With scandal at the Department of Veterans Affairs still smoldering, first lady Michelle Obama today used her megaphone to deliver an impassioned call to action on veteran homelessness, a problem she declared a "moral outrage."
"Even one homeless veteran is a shame," she said at an East Room event sponsored by her Joining Forces initiative. "The fact that we have 58,000 is a moral outrage. We should all do more about it."
Obama was launching the Mayors Challenge to End Veteran Homelessness, an effort that has drawn commitments from 77 mayors, four governors and four county officials to more aggressively reach out to homeless vets and connect them with available resources.
"Tens of thousands of veterans who risked their lives for our country are living in a shelter or sleeping near a subway vent. We should be horrified," she said, "because that's not who we are as Americans.
"When a veteran comes home kissing the ground, it's unacceptable that he should sleep on it."
The White House, which in 2009 declared a goal of ending veterans' homelessness by 2016, says progress is being made but not quickly enough.
Homelessness has declined 24 percent among veterans in the past four years, studies show. Less than 1 percent of all U.S. veterans today are homeless. Veterans without a home make up just 12 percent of the overall homeless population in the United States, according to the National Coalition Against Homeless Veterans.
Chris Fuentes, an Iraq War veteran from Philadelphia, says she is one of the success stories.
"When I returned from active duty, my apartment and job were gone," Fuentes, 25, said. "At one point I found myself living in my car, while my daughter stayed with my mother. I was all over the place, jumping from place to place. I knew that if only I could have a roof over my head everything else would fall into place."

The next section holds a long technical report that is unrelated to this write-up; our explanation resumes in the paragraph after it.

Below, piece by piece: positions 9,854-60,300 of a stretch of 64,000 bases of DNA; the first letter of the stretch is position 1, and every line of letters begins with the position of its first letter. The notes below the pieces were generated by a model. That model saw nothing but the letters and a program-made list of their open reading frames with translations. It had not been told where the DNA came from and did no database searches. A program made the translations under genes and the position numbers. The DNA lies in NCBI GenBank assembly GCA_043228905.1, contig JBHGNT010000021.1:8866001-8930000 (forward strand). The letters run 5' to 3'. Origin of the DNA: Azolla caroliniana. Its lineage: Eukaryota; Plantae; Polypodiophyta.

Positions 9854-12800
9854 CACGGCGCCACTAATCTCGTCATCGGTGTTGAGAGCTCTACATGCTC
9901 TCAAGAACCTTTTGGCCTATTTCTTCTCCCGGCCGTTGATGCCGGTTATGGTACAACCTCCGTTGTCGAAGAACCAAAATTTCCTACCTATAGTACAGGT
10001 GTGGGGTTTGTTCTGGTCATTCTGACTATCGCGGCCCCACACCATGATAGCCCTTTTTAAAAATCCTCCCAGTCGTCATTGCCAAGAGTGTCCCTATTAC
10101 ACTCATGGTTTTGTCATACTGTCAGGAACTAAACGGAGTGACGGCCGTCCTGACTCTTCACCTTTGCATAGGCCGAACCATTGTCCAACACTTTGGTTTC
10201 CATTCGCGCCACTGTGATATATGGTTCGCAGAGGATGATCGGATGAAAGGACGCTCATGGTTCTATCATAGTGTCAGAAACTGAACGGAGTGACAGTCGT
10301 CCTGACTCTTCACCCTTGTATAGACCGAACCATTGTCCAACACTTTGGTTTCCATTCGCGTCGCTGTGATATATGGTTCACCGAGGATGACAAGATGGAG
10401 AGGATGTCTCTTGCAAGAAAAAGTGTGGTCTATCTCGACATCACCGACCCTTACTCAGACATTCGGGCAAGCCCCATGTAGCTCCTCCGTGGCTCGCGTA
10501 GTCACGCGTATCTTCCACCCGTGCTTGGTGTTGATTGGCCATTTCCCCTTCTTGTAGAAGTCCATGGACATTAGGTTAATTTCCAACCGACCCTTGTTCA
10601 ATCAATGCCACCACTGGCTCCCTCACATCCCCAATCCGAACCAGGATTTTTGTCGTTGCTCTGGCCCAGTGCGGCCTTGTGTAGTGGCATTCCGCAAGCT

She applied for benefits through the Department of Housing and Urban Development and the VA, she said.
"Today thanks to these programs, we have a home again," Fuentes said. "These programs give veterans a second chance at life and allows them not to worry about where they'll lay their head at night."
Appearing with Obama at the event was acting VA Secretary Sloan Gibson, who has succeeded Eric Shinseki after he abruptly resigned last week amid a firestorm over secret wait lists and lengthy wait times for thousands of veterans seeking medical care.
Gibson said improving veteran access to care and services is a top priority, along with ending veteran homelessness.
"As the president has directed, we are moving immediately to get veterans off of wait lists and into clinics, and we're taking action to fix the systemic problems that allowed these unacceptable waits to occur," Gibson said.
The VA confirmed earlier today that it has now been in contact with 1,500 veterans in Phoenix, Ariz., of the 1,700 identified in a recent Inspector General report as having been kept on those secret waiting lists. The others not reached by phone have been reached out to by mail, the department said.
Gibson plans to travel Thursday to the Phoenix VA Medical Center, which is the epicenter of the scandal.